Archives for posts with tag: world fleet

SIW1054Imagine the intrepid crew of ‘Starship Enterprise’ staring out at a weird apparition approaching the ship. Spock makes his apocryphal observation “it’s life Jim, but not as we know it”. Then imagine the equally intrepid navigator of the ‘Bulkship Enterprise’ staring at the 2014 statistics as she sails into 2015, and observing “it’s a cycle, Captain, but not as we know it”. So what is it?

Alien Life Form

For the Captain, the problem of identification comes to bear because bulk shipping’s vital statistics in 2014 exhibit symptoms which don’t fit with the industry’s perception of how a shipping cycle ought to behave. For one thing, cycles are supposed to last 7 years. Well it’s now 6 years and 5 months since the great downturn started in August 2008 and the market is still relatively flat.

At the end of 2008 the ClarkSea Index stood at $13,654/day and it ended 2014 at $14,787/day. In the meantime, the annual average value of the index has wandered between $9,000/day and $16,000/day and currently seems to be going nowhere fast.

Fundamentally Floored

Another feature of this alien “cycle” is that it seems impervious to warning fire. Bulk trade (wet and dry) has grown by 21% since 2008, but bulk tonnage supply surged by 54% between end 2008 and end 2014. And it’s not just the big orderbook from the boom. Investors have been very active. Bulk orders of 142.4m dwt in 2013 and 86.5m dwt in 2014 are not so different to pre-crisis levels.

Meanwhile, secondhand prices, which it could be argued should be heading for distressed levels, have been surprisingly resilient. A 5-year-old VLCC costing $77m at end 2014, and a 5-year-old Capesize costing $39m, are both indicators of relatively firm prices. Yet despite high prices and the credit clampdown, the 75.1m dwt of secondhand bulk sales in 2014 was close to the highest on record.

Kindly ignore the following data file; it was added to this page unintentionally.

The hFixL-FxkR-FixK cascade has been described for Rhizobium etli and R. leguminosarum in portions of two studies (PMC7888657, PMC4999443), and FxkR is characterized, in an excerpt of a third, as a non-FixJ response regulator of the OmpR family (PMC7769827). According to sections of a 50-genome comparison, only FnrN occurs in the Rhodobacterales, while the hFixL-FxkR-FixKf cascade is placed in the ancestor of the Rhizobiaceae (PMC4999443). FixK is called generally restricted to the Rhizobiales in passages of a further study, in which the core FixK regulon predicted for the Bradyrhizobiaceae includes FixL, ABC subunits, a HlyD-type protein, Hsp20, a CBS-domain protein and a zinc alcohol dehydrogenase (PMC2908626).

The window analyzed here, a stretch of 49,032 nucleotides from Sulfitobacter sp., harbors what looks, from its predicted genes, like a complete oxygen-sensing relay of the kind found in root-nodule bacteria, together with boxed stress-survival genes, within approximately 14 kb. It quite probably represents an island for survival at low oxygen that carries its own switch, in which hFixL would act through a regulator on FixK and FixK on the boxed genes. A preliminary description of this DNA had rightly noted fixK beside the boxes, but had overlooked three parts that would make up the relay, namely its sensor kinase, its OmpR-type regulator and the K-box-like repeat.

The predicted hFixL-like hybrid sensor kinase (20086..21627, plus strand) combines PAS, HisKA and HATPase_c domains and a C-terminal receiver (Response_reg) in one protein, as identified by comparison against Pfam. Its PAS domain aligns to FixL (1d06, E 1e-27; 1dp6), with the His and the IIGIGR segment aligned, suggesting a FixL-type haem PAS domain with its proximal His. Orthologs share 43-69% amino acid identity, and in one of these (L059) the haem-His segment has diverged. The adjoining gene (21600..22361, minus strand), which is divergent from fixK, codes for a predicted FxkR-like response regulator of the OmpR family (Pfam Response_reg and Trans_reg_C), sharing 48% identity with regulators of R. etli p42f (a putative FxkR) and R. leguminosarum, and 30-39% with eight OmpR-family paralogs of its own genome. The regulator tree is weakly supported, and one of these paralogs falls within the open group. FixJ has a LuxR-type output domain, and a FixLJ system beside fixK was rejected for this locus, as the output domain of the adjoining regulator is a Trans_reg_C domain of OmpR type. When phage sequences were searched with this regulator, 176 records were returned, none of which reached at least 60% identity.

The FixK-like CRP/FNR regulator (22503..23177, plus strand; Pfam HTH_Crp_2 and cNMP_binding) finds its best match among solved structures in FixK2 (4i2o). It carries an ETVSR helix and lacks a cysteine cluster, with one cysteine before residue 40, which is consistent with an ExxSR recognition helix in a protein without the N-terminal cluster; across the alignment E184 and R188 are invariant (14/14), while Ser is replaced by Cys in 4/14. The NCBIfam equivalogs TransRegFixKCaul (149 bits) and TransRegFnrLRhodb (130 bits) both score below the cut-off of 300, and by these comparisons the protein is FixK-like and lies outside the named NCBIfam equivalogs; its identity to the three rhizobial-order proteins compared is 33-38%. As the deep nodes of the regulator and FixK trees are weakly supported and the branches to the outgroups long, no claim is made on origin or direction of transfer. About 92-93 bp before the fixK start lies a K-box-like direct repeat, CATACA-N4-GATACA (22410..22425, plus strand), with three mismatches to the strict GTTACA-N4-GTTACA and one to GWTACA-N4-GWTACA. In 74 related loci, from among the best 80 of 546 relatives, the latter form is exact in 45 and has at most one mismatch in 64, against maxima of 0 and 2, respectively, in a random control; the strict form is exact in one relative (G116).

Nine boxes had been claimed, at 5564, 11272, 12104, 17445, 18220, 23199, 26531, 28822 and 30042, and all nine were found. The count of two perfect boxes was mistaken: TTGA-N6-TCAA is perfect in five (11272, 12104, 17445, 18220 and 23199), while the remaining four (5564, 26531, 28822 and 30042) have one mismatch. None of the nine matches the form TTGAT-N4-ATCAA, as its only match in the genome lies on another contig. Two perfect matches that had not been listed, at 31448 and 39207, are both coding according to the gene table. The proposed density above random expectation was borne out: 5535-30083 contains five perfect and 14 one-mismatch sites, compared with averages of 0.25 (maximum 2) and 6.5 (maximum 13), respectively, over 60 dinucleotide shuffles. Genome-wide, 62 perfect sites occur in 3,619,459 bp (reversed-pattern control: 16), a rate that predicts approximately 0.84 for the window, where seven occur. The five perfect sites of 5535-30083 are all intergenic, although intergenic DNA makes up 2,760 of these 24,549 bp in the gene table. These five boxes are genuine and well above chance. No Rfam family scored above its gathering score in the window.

Alien Market Mutation

Another puzzle for the navigators is the resurgence of tanker sentiment. Tanker demand has been hammered by the triple death ray of fracking, high oil prices (up until the astonishing downturn over the last few months) and the environmental agenda. So oil trade edged up only 0.4% in 2014, while the tanker fleet grew by 1.4%. Yet average weighted tanker earnings surged by 32% compared to the 2013 average levels, with crude carrier earnings booming and products earnings fairly flat. Meanwhile bulkers, much favoured for their umbilical link to Chinese and Asian demand, saw dry bulk cargo trade grow 3.7% and the fleet by 4.4%. Average weighted bulkcarrier earnings fell by 2% (and more in the larger sizes), which was not enough to deter investors from ordering 60m dwt of new capacity.

Beam Me Up, Scotty

Against this surreal background, it’s easy to see why some investors might be feeling a little disorientated. Tankers may be in vogue, but the fundamentals across the market remain tricky. Chinese growth appears to be slowing, Europe is struggling and the shipyards seem to be immune to everything the market throws at them. At the same time, the surplus tied up by vessels slow steaming appears to be undiminished.

It all adds up to something which doesn’t fit neatly into the usual cyclical pattern. No wonder some confused investors wish they could beam up to the deck of ‘Starship Enterprise’ and view this alien landscape from a safe distance. Have a nice day.

Last week’s Analysis highlighted the rejection of the ‘P3’ container shipping alliance plans by the Chinese authorities, and how it might relate to the movement of trade by national fleets or otherwise. This week the focus is shifted to examine how liner shipping, ‘P3’ or no ‘P3’, fits within the pattern of consolidation in the key volume shipping sectors.

How Does It Stack Up?

In reality shipping is a relatively fragmented business. Over 88,000 vessels constitute the world fleet across almost 24,000 shipowners, with an average of less than 4 ships per owner. Limiting the analysis to 10,000 dwt and above, the average is still less than 7 ships. When talk of the ‘P3’ first hit the container shipping news, concerns were raised about the potential level of consolidation in shipping. Does that really stack up?